Appellant first contends the trial court was in error in refusing to allow him to fully develop before the jury the circumstances of his arrest in order that he might show that his arrest was illegal. We find no merit in this contention. It is not necessary to pause to ascertain whether his arrest was legal, because assuming his arrest was illegal the trial court was correct in ruling the circumstances of his arrest were immaterial. The state did not use any evidence or a confession obtained by virtue of the arrest. Appellant was indicted by the grand jury, was present in court, and was tried after having been fully apprised of the charges against him. He was convicted in a fair trial in the county where the crime was committed, and the jurisdiction of the court was in no way impaired by the manner in which he was brought before it. Of course, a different situation exists where the state attempts to introduce evidence or a confession obtained as a result of an illegal arrest. Under these circumstances the 'fruit of the poisonous tree' doctrine then might well become applicable. Roberts v. State, 186 Miss. 732, 191 So. 823 (1939); Frisbie v. Collins, 342 U.S. 519, 72 S.Ct. 509, 96 L.Ed. 541 (1952).

Appellant next contends the evidence on behalf of the state was insufficient to support the conviction, and the trial court was in error in refusing to grant him a new trial. The basis for this contention is the 'Weathersby Rule' which holds that where the defendant and his witnesses are the only eye witnesses to an alleged crime, their version, if reasonable and not conflicting with the physical facts, must be accepted as true. The fallacy of this argument is appellant overlooks entirely the testimony of Dobson who was likewise an eye witness, and his version contradicted the version of appellant and his wife. In the face of conflicting testimony, the jurors may accept the testimony of some witnesses and refuse that of others, and may accept in part and reject in part the evidence on behalf of the state and on behalf of the accused. Cobb v. State, 235 Miss. 57, 108 So.2d 719 (1959). The jury accepted the testimony on behalf of the state and it was ample to support their verdict of guilty.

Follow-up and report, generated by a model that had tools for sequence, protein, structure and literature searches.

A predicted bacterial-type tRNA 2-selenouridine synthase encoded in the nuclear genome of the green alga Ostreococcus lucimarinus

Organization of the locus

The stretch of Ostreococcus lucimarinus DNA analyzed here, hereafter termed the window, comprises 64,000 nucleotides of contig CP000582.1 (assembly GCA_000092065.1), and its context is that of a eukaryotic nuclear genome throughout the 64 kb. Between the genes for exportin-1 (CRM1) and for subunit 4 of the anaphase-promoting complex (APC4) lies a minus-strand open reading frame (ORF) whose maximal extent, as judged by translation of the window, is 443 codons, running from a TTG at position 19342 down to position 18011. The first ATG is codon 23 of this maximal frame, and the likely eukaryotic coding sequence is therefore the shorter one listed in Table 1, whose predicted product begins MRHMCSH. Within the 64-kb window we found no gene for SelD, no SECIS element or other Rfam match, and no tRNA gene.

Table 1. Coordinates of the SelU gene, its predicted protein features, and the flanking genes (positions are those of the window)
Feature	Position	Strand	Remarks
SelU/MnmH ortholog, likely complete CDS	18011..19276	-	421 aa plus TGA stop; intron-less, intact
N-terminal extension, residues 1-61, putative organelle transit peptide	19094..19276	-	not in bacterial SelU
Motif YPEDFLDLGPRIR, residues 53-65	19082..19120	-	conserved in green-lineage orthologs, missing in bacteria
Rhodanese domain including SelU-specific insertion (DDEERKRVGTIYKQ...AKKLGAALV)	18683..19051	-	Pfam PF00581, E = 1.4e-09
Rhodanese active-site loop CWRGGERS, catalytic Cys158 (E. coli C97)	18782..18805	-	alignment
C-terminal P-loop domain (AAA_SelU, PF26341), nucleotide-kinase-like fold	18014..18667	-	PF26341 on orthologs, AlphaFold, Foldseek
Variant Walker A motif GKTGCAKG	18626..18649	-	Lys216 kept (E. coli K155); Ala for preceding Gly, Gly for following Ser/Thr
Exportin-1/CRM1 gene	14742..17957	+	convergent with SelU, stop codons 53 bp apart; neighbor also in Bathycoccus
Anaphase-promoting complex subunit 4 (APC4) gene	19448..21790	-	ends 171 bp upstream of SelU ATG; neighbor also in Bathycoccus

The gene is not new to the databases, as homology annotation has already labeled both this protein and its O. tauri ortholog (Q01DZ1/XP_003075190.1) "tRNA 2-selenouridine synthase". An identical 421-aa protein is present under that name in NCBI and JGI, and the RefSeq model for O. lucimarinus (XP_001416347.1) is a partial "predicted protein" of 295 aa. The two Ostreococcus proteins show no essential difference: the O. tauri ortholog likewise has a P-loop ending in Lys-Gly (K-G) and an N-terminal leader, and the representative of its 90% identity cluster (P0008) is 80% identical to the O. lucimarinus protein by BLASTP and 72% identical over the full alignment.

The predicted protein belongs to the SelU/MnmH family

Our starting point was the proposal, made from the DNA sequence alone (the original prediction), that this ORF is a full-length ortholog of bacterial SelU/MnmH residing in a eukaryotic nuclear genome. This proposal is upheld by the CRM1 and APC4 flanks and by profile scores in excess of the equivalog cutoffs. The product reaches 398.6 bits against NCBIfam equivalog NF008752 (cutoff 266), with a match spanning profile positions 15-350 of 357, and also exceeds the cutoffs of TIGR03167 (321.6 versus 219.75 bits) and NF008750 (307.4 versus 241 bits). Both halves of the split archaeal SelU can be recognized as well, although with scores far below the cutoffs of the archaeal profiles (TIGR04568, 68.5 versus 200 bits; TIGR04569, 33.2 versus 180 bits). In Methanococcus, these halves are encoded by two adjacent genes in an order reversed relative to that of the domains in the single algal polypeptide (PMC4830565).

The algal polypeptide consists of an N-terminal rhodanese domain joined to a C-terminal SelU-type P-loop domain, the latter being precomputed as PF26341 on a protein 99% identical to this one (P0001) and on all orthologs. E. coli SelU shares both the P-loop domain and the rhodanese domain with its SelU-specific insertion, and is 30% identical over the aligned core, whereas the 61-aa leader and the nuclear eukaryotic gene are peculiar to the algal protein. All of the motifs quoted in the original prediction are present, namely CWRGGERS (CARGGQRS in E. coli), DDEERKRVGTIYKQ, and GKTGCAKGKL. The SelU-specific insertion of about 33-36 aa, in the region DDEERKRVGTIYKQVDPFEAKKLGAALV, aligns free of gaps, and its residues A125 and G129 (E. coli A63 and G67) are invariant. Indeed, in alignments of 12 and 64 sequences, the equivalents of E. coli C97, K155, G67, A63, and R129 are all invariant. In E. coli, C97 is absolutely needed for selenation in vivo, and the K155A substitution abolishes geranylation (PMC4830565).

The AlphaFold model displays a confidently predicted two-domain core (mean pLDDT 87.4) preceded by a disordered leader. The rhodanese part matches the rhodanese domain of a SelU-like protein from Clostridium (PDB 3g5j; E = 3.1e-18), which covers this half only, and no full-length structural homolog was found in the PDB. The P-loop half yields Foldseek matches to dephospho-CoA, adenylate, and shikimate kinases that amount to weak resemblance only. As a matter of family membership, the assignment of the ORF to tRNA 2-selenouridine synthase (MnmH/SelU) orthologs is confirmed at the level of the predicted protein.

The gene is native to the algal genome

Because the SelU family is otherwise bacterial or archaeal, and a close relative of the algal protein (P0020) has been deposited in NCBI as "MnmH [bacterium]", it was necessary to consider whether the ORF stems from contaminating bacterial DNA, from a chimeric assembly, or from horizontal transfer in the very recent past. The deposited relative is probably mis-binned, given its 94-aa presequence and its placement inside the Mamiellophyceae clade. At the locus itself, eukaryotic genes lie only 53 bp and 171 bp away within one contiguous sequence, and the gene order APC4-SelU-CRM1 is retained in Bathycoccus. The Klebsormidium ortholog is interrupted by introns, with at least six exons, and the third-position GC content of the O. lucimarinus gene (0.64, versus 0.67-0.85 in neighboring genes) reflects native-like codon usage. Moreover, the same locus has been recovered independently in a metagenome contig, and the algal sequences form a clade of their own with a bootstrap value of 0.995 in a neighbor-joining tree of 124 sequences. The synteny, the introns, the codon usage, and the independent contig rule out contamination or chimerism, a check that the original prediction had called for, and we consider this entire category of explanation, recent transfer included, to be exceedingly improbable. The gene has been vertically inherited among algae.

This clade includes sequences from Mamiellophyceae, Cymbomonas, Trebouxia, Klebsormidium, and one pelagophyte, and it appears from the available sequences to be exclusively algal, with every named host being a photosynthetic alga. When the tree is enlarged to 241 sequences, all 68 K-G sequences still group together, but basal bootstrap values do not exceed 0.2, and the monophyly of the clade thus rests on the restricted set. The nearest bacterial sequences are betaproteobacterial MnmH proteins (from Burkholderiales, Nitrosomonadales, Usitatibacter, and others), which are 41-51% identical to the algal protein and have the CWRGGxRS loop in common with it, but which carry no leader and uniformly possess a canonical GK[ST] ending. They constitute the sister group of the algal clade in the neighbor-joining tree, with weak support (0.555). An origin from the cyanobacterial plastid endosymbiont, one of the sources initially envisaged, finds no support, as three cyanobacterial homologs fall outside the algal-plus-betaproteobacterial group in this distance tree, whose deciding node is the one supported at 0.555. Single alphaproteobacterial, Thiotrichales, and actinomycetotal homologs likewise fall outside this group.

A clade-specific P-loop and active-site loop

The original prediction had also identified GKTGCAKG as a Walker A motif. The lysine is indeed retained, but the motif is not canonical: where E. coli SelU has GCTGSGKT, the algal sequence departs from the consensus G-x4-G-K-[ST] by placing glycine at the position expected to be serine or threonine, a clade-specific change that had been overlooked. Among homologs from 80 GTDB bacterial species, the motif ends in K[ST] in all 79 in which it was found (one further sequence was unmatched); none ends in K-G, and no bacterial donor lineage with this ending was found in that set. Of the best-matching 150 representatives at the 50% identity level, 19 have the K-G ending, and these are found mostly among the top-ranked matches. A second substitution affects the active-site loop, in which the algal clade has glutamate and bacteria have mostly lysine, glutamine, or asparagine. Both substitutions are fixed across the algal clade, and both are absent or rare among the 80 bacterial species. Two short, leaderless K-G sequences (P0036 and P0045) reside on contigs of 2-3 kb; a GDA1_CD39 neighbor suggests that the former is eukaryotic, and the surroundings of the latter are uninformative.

We find no merit in the appellant's assignment relative to allowing the district attorney to cross examine him in regard to his recent conviction of the crime of manslaughter. The record reflects co...

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21 cases
  • Fleming v. State
    • United States
    • Mississippi Supreme Court
    • June 17, 1992
    ... ... In the instant case, the prosecution introduced no arrest-related evidence at trial. Accordingly, the issue is controlled by Nicholson ... Page 295 ... v. State, 254 So.2d 881 (Miss.1971) where this Court stated: ... It is not necessary to pause to ascertain whether ... ...
  • Johnson v. State
    • United States
    • Mississippi Supreme Court
    • May 27, 1987
    ...trial conviction. Young v. State, 425 So.2d 1022 (Miss.1983); Milstid v. State, 347 So.2d 1319 (Miss.1977); and Nicholson v. State, 254 So.2d 881 (Miss.1971). Also, in Phillips v. State, 421 So.2d 476 (Miss.1982), the state used a Kentucky conviction as a basis for Phillips' conviction unde......
  • Payton v. State
    • United States
    • Mississippi Supreme Court
    • March 21, 2019
    ...of the crime charged, and unless and until it is reversed by this Court, the conviction stands.... Id. (quoting Nicholson v. State , 254 So.2d 881, 884 (Miss. 1971) (citing Bucklew v. State , 192 So.2d 275 (Miss. 1966) ) ). The Court then discussed an Indiana Supreme Court decision that rej......
  • Jackson v. State
    • United States
    • Mississippi Supreme Court
    • August 25, 1982
    ...(on appeal from justice court, circuit court's jurisdiction is original, and is tried de novo). The more recent case of Nicholson v. State, 254 So.2d 881 (Miss.1971) is a case of our jurisdiction more nearly analogous to the case at bar although it does not address the issue of former convi......